SAL notes: Pratto living up to expectations

Royals No. 2 prospect showing his potential in Lexington debut

Nick Pratto is hitting .269/.316/.431 with six homers and 23 RBIs in his first full season with the Legends. (Clinton Riddle)

By Bill Ballew / Special to MiLB.com | May 25, 2018 10:00 AM

Despite what the naysayers suggested over the winter months, two-way standouts Shohei Ohtani and Brendan McKay have posted impressive performances thus far this season. Yet, as amazed as some observers may be, Class A Lexington's Nick Pratto has a greater appreciation for their feats.

"What they're doing is extremely special," the Royals' second-ranked prospect said. "I don't know how long they'll be able to do it, but it's impressive to see them accomplish so much at this level."

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Much like Ohtani and McKay, Pratto excelled on the mound and at the plate throughout his amateur career. While he attracted considerable interest from scouts as a lefty hurler, his sweet swing from the left side of the plate convinced the Royals to use the 14th overall pick in the 2017 Draft on the Southern California high schooler.

"We saw him a lot and our scout, Rich Amaral, has known Nick for more than 10 years," said Royals scouting director Lonnie Goldberg. "We knew him as a person and as a player, which included a plus glove at first base, a plus bat and the potential to have plus power as his body develops and matures."

Rarely are high school first basemen drafted in the first round. Dominic Smith, who was taken 11th overall by the Mets in 2013, was the most recent example. The Royals believe Pratto not only can be a middle-of-the-order bat at the Major League level but also an elite defender that Amaral has compared to former Gold Glover J.T. Snow.

As far as being a two-way player is concerned, Pratto admits he never envisioned that scenario as a professional, although he would have continued the dual role had he attended the University of Southern California.

"I enjoyed doing both, but I love playing every day, so hitting and playing first was definitely more enjoyable," Pratto said. "I also loved going out on the mound and competing for my team. But hitting is what I always envisioned doing once I signed to play pro ball."

Pratto has lived up to expectations early in his career. After signing with the Royals last June, he proceeded to produce a slash line of .247/.330/.414 in the Rookie-level Arizona League last summer. His performance during the instructional league convinced Kansas City to promote him to Lexington, where he was hitting .269/.316/.431 in his first 160 at-bats. He also clubbed six homers and eight doubles while driving in 23 runs and has been successful on his first six stolen base attempts this season.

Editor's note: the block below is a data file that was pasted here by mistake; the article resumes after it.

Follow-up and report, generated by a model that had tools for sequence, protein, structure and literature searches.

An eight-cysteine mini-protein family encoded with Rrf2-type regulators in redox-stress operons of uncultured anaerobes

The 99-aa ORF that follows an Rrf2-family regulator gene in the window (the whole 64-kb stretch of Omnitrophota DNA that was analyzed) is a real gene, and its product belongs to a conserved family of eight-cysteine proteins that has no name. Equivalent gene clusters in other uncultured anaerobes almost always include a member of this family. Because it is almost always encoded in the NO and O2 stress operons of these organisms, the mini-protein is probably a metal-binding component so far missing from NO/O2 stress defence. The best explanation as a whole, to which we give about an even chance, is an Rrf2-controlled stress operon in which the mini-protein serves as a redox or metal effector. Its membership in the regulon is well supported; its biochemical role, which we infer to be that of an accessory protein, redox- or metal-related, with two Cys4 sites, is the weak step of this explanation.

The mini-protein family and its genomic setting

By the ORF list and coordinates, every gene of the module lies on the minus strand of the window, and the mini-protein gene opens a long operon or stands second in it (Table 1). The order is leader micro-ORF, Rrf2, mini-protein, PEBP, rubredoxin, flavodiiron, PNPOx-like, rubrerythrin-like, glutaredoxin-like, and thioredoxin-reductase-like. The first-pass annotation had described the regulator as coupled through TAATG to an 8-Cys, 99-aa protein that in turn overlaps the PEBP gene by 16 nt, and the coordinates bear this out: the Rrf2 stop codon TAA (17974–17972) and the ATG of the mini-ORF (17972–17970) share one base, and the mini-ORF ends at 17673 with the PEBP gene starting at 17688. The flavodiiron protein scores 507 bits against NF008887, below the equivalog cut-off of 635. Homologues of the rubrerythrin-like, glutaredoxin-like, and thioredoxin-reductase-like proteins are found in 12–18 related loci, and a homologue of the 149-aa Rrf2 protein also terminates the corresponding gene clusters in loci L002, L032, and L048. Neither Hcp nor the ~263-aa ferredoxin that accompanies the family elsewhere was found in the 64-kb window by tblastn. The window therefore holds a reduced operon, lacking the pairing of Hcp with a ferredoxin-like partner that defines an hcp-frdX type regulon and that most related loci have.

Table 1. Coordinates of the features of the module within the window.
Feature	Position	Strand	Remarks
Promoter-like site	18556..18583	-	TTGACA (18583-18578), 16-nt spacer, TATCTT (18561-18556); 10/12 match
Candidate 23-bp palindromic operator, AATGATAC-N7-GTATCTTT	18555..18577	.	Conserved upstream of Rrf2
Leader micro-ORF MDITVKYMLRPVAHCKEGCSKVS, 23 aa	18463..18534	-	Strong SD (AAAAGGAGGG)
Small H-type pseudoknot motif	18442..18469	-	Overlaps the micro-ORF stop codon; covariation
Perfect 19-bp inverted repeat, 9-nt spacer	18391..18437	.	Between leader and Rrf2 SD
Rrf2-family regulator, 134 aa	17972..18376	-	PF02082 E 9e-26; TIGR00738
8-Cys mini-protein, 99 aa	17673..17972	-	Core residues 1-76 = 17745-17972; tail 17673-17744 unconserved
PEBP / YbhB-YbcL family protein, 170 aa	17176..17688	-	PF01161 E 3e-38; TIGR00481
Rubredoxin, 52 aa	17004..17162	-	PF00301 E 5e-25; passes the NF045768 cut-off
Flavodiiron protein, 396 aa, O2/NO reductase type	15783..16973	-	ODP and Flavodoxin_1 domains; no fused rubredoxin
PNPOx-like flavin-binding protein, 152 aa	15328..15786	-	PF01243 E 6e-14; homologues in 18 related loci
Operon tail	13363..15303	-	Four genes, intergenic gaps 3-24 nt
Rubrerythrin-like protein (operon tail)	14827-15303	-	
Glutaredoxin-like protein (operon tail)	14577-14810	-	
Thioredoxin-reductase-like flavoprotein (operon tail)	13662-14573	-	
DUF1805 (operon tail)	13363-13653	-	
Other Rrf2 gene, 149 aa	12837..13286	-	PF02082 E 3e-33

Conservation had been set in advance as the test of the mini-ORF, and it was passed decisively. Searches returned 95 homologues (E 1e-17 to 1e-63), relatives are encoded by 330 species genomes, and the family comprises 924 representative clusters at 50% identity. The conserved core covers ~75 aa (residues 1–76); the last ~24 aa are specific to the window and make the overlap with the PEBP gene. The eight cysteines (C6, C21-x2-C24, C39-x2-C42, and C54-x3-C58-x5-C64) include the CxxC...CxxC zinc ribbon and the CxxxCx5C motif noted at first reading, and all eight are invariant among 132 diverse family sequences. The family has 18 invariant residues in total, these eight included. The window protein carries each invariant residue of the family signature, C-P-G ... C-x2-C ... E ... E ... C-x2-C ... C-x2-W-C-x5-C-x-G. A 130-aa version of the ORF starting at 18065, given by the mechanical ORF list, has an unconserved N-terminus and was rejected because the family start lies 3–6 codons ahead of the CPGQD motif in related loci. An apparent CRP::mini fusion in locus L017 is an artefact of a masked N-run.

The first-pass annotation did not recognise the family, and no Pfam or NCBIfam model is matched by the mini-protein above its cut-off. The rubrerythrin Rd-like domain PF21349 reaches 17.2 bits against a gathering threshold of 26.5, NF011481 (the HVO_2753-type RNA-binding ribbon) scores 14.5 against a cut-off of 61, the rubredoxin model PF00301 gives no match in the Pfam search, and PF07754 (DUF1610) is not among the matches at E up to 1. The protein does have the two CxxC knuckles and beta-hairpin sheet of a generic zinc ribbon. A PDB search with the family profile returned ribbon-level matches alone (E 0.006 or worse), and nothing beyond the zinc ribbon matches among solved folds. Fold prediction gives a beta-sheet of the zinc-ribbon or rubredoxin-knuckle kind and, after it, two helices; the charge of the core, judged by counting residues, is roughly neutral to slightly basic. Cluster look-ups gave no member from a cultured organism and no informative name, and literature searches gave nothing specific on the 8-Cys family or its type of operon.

Video: Nick Pratto homers

Pratto hitting the ground running in the professional ranks is not a surprise given his performances on big stages. He stroked the game-winning hit in the 2011 Little League World Series to lead his California team to the championship over Japan. He also spent two years on the Team USA 18-and-under squad and was part of clubs that won world titles in 2015 and 2016.

"It definitely helped me, particularly in learning how to work on a schedule and finding a routine and getting ready to play," said the 19-year-old. "Probably the biggest thing was playing against good competition day in and day out, which is similar to what we see here."

Pratto understands the road to the big leagues will have its peaks and valleys. Along the way he sees himself using his plus bat speed to continue honing his advanced ability to drive the ball to all fields. Otherwise, his goals are centered on discovering the nuances associated with playing on a daily basis against some of the best talent the world has to offer.

"I think getting my feet wet and just progressing are the big things right now," Pratto said. "I feel like I've learned so much in such a short period of time, and I just want to keep making the adjustments and doing what I can to help this organization win games."

In brief

Walk this way: Columbia is the only team in the Minors to have three players top their respective circuit in walks. Through May 23, Blake Tiberi, Matt Winaker and Jeremy Vasquez were tied for the South Atlantic League lead with 29 bases on balls apiece.

Mitchell mashing: West Virginia outfielder Calvin Mitchell went 2-for-3 on May 23 for his team-best 13th multi-hit game of the season. The Pirates' No. 15 prospect has hit safely in 11 of his past 13 games and 14 of his 19 May contests. He is hitting .264 in May after batting .364 in April.

Crawdad killer: Delmarva's Zac Lowther continued his dominance in a 7-0 victory against Hickory on May 23. Lowther allowed only an infield single to Tyler Ratliff, walked three and struck out 10 over six innings to improve to 3-1 on the season. In three starts this year versus the Crawdads, Lowther has fanned 31 batters over 18 frames.

Bill Ballew is a contributor to MiLB.com. This story was not subject to the approval of the National Association of Professional Baseball Leagues or its clubs.

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